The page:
Will health services prices continue their slow growth?

Growth in spending on health care services seems to be powered almost exclusively by increases in utilization, as price growth for this component has been extremely low, hovering close to 1 percent for the past four years (see Figure 5 on pg. 6). This makes sense, since the growth in health care services spending has been fueled by an increase in the number of people with health insurance. And while there has been much public concern about “underinsurance” and the unaffordability of health care for those with insurance, this pertains largely to changes in how health care is financed through benefit design, particularly the growth in high deductible plans. Trends in actual payments to physicians and hospitals for health care services have been quite moderate, as has been shown, for example, in data on trends in “allowed amounts” paid to physicians for office visits.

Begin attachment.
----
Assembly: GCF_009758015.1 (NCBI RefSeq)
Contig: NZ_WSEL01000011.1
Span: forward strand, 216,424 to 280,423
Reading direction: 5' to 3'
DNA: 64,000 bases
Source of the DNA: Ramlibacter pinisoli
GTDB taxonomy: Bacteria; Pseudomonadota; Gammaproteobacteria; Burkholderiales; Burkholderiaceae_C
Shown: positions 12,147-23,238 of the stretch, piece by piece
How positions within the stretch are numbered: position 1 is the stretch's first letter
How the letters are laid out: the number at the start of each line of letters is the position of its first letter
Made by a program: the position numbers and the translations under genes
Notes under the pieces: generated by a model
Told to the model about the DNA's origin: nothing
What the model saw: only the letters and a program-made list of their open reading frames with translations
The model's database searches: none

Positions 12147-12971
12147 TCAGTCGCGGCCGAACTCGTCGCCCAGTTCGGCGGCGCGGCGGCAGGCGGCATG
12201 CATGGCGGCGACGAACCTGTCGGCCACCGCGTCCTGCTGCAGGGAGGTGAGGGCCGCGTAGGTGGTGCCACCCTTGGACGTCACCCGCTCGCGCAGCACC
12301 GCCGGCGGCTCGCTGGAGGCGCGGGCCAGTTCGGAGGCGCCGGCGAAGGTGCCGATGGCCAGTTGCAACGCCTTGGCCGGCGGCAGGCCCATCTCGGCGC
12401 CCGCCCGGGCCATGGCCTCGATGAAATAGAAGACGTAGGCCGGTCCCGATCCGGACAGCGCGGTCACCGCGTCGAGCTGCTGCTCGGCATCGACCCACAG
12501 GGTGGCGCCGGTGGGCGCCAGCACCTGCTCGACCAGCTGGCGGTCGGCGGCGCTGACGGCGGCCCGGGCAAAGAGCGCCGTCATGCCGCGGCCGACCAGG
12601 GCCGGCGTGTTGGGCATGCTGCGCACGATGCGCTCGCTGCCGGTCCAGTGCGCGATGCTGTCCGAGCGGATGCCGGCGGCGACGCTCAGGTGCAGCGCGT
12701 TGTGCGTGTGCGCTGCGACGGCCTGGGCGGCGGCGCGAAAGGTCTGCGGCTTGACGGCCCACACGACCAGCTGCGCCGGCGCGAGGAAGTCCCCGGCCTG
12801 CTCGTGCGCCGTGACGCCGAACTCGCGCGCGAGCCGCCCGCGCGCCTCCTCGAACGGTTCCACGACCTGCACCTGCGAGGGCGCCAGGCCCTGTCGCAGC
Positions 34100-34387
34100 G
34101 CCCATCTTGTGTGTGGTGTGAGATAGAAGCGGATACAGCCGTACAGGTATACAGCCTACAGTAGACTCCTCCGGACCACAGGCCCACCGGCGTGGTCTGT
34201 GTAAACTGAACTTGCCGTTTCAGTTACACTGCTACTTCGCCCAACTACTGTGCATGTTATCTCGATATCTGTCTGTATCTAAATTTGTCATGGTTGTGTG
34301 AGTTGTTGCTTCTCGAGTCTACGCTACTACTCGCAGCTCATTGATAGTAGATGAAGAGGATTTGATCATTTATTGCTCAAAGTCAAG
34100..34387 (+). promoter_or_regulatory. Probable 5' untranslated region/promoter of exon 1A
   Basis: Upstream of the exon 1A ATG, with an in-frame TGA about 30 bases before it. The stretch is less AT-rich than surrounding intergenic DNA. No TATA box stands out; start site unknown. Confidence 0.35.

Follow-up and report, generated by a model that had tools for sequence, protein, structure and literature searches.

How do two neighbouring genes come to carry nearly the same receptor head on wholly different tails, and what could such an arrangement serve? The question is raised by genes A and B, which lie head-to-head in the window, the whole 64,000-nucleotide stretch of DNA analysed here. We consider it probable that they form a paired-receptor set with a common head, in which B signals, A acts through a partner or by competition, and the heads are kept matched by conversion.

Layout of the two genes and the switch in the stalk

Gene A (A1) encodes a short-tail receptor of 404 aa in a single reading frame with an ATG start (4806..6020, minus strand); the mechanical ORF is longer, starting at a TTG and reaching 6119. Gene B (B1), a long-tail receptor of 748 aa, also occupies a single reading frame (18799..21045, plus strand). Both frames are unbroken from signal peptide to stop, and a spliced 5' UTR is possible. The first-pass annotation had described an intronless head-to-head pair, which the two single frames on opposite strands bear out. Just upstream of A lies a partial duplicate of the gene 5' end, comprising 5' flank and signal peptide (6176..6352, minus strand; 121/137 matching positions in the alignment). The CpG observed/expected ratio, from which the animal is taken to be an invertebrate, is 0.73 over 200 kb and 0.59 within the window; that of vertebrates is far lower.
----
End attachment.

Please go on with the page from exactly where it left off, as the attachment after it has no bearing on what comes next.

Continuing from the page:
Many worried that coverage expansion would lead to a “demand shock” that would compromise access for new and existing patients, and bid up wages and other input costs. It appears so far that neither has occurred. Service price increases have been very low, and data from multiple sources suggests that access trends have been favorable. The blistering pace of job growth in health care provides some insight into how capacity has expanded. Employment in the sector grew steadily starting in 2014 and job growth has finally started to decline over the last two quarters, after peaking at 3.3 percent in Q1 2016. Early data from Q4 suggests that this decelerating trend is continuing. Job growth has lagged the utilization increase, and the rate of growth in utilization has exceeded that in jobs, suggesting that the productivity of labor in health care has increased (see Figures 9 and 10 on pg. 8). We have much to learn about the pathways through which this has occurred, likely involving changes in sites of care, new uses of technology, altered staffing arrangements, and the growth of new occupations.